Space & Astronomy
Ceres turns out to be rich in organic matter
By T.K. Randall
June 15, 2018 · 13 comments
Ceres has proven to be a fascinating place. Image Credit: NASA/JPL-Caltech
Scientists have revealed that the building blocks of life are far more common on Ceres than previously believed.
The original discovery of organic matter on the dwarf planet Ceres was made last year, but now a new analysis of data from NASA's Dawn spacecraft has indicated that these carbon-based compounds are actually a lot more abundant on the surface than the previous research had suggested.
Exactly how this organic matter ended up there however remains unclear.
"What this paper shows is that you can get really different results depending upon the type of organic material you use to compare with and interpret the Ceres data," said study leader Hannah Kaplan.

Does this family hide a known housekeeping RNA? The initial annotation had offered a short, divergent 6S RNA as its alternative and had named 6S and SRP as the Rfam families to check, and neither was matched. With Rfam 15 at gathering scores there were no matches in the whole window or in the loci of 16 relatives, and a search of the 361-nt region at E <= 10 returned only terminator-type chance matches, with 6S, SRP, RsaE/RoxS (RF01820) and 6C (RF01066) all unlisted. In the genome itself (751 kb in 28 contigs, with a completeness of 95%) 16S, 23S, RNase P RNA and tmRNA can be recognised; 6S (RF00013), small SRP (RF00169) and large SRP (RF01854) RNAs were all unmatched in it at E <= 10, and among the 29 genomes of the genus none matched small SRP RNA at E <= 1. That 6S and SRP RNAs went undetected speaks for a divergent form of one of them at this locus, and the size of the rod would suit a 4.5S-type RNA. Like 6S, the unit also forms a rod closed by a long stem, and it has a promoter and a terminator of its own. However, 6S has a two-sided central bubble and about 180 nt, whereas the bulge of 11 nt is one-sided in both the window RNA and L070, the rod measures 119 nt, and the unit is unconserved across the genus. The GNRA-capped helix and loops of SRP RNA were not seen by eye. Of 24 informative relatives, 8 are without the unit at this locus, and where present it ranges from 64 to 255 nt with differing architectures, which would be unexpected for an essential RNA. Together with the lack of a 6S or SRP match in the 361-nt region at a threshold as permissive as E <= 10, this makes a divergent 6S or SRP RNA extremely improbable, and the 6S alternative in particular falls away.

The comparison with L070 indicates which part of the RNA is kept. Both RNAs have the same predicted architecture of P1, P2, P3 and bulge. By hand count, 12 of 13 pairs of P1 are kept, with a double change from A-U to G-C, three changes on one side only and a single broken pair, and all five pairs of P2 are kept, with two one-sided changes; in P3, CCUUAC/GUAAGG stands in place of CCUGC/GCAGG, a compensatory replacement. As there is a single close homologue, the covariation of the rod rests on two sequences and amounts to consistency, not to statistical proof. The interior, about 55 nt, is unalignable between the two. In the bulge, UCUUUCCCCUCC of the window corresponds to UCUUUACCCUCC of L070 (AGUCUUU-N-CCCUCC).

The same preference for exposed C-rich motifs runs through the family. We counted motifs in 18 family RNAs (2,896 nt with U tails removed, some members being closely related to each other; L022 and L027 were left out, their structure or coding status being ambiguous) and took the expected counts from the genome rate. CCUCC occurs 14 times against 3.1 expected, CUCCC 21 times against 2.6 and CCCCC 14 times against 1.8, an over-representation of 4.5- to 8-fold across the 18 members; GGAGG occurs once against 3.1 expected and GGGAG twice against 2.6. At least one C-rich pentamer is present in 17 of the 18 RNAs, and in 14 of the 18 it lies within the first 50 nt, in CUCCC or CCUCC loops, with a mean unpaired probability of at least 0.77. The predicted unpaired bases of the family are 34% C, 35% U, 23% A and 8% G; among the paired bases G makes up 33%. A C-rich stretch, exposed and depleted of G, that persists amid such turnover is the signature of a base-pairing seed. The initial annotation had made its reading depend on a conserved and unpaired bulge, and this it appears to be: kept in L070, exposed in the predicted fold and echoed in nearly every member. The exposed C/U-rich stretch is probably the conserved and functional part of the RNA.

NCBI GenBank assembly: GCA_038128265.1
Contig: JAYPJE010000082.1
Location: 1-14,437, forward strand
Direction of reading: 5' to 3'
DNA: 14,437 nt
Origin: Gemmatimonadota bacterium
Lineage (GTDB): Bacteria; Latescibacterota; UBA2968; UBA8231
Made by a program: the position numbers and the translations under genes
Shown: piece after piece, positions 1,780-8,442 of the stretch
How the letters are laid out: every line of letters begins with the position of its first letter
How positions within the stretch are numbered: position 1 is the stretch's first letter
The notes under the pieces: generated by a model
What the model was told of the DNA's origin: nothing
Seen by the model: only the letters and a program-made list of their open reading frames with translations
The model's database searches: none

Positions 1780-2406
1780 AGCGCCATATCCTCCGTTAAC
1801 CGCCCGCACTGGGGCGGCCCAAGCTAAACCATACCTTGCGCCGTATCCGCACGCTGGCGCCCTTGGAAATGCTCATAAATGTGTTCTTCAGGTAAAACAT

"That's important not only for Ceres, but also for missions that will soon explore asteroids that may also contain organic material."
While the presence of organic molecules on Ceres does not necessarily mean that life has developed there, it does offer clues as to how this material has been distributed around the solar system.
While it is likely that the organic matter on Ceres was deposited there by comets or asteroids, there is also the possibility that it was actually produced there through some currently unknown process.
"If the organics are made on Ceres, then you likely still need a mechanism to concentrate it in these specific locations or at least to preserve it in these spots," said study co-author Ralph Milliken.
"It's not clear what that mechanism might be. Ceres is clearly a fascinating object, and understanding the story and origin of organics in these spots and elsewhere on Ceres will likely require future missions that can analyze or return samples."
Source: Brown University
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